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State Tax Implications of Remote Working

During the coronavirus pandemic, many companies required their employees to work from home. This, in some cases, allowed employees to avoid long commutes, and to potentially work from anywhere in the country. While remote working may be convenient for both the employee and the employer, it may raise some state income tax complications.

What Is a State Income Tax?

A state income tax is a tax levied on income earned within each state and the District of Columbia. Unlike the federal income tax, state income tax varies from state to state.

I Am Working Remotely in Another State. Should I Pay State Income Taxes in That State?

It depends on the laws of the state. Every state has its own rules on who is required to pay income taxes. A key question to ask is whether your state taxes resident taxpayers.

Tax on Earned Income: "Resident" Taxpayers

Forty states and the District of Columbia tax “resident" taxpayers on all of their income irrespective of where it is earned. To establish residence, most states look at either:

  • How long you stayed (more than half a year) or
  • If you have your domicile in that state

What this means is you may end up paying taxes for a state even though you have lived most of the year in another state.

You may also be required to pay state income taxes to a state when you have no intention of permanently relocating to that state.

For instance, let's say a company located in California allowed its employees to work remotely. So, Mr. X, an employee, decided to work in his family home in Minnesota for 8 months. Mr. X will need to pay state income taxes to the State of California since he is still domiciled in California. He may also need to file a tax return in Minnesota since he has lived there for more than half of the year.

To avoid these double taxation issues, states came up with different arrangements. These include:

1. Reciprocity Agreements

Some states have reciprocity agreements or offer tax credits to keep you from being taxed two times. New Jersey and Pennsylvania, for instance, agreed “New Jersey residents employed in Pennsylvania are not subject to Pennsylvania income tax."

Other states like Connecticut offer credit to residents who pay income tax in another state.

2. Convenience Rule

States that follow the convenience rule tax employees that telework in the state where the employer is located. States that follow this rule are Arkansas, Connecticut, Delaware, Massachusetts, Nebraska, New York, and Pennsylvania.

Since states apply different rules when it comes to telecommuting employees, make sure to research the laws of both your home state and the state you plan to work in so there are no surprises when you file your taxes.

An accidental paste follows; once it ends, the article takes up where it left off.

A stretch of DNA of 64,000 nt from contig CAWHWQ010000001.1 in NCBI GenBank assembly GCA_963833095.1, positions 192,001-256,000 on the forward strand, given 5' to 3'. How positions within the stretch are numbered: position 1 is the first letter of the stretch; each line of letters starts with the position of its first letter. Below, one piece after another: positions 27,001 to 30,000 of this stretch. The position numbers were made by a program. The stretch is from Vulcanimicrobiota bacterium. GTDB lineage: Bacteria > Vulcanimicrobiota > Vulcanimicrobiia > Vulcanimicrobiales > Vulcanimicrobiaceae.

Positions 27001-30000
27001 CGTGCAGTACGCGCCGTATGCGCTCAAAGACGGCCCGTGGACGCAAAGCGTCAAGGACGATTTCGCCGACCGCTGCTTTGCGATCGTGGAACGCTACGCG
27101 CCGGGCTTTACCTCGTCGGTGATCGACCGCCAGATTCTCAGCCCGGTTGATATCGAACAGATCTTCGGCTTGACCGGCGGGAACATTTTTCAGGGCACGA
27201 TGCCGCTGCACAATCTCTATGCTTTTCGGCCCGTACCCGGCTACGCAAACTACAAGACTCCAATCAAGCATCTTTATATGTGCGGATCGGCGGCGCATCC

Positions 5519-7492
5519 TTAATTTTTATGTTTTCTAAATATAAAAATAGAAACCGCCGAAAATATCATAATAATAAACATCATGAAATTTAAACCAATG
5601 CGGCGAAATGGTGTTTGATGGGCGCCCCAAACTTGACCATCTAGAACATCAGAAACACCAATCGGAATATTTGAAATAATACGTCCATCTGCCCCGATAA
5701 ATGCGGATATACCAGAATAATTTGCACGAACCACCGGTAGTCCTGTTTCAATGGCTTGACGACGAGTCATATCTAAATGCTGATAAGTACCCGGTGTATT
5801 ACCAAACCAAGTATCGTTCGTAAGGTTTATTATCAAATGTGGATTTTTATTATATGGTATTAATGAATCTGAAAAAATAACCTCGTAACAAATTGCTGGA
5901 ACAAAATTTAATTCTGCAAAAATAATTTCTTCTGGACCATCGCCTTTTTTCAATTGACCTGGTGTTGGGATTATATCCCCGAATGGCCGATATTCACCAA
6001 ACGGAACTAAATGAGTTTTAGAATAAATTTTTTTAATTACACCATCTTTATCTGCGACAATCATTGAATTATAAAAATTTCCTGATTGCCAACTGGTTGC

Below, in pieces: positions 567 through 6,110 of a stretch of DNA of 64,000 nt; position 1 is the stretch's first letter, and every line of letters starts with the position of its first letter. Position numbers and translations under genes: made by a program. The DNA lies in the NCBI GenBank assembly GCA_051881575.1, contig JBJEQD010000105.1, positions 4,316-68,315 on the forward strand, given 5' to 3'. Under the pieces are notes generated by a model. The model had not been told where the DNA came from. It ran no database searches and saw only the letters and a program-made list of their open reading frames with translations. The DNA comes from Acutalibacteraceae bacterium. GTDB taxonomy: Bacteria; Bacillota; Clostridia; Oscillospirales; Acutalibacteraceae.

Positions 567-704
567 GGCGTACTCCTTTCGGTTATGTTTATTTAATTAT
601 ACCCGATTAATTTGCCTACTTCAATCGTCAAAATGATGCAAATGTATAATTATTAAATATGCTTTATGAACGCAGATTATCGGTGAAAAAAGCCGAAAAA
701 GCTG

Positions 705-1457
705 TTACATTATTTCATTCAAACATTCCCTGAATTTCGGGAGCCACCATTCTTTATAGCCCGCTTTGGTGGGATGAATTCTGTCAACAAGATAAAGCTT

Are There Tax Implications for My Employer if I Work in Another State?

There are instances where your employer may be required to pay taxes in the state where you are telecommuting. If the state can show that the company has a sufficient presence in that state, otherwise known as nexus, it can tax a company. Here, the nexus may be a single employee working from home in that state.

Therefore, it is important to inform your employer if you intend to work from another state to ensure both you and your employer are compliant with the laws.

Make Sure To Comply With Your State's Rules

If you are working remotely, you may be subject to some complicated tax rules. Here are some tips to ensure you are compliant with your tax obligations when you file your return:

  • Keep records of how much time you spent in a state
  • Research about the income tax laws of your home and work state
  • Inform your employer of your plans of working in another state
  • Speak to a tax professional to determine the implications of working in a particular state

Litigation Around Telecommuting and Taxes

There have been a few instances where states tried to stop other states from taxing residents who are working remotely. One notable example is the legal battle pending in the Supreme Court.

This is a case where New Hampshire sued the neighboring state of Massachusetts to stop it from taxing the income of New Hampshire residents. New Jersey, Connecticut, Hawaii, and Iowa have also submitted briefs in support of New Hampshire.

The case involves residents who used to commute to their jobs in Massachusetts but are now working from home due to the COVID pandemic.

Speak To a Tax Attorney About Working Remotely

Working remotely in another state may be very convenient for a number of reasons. But it may come with very complicated tax rules. In such cases, it may be in your best interest to speak to an attorney to ensure you are compliant with the tax laws.

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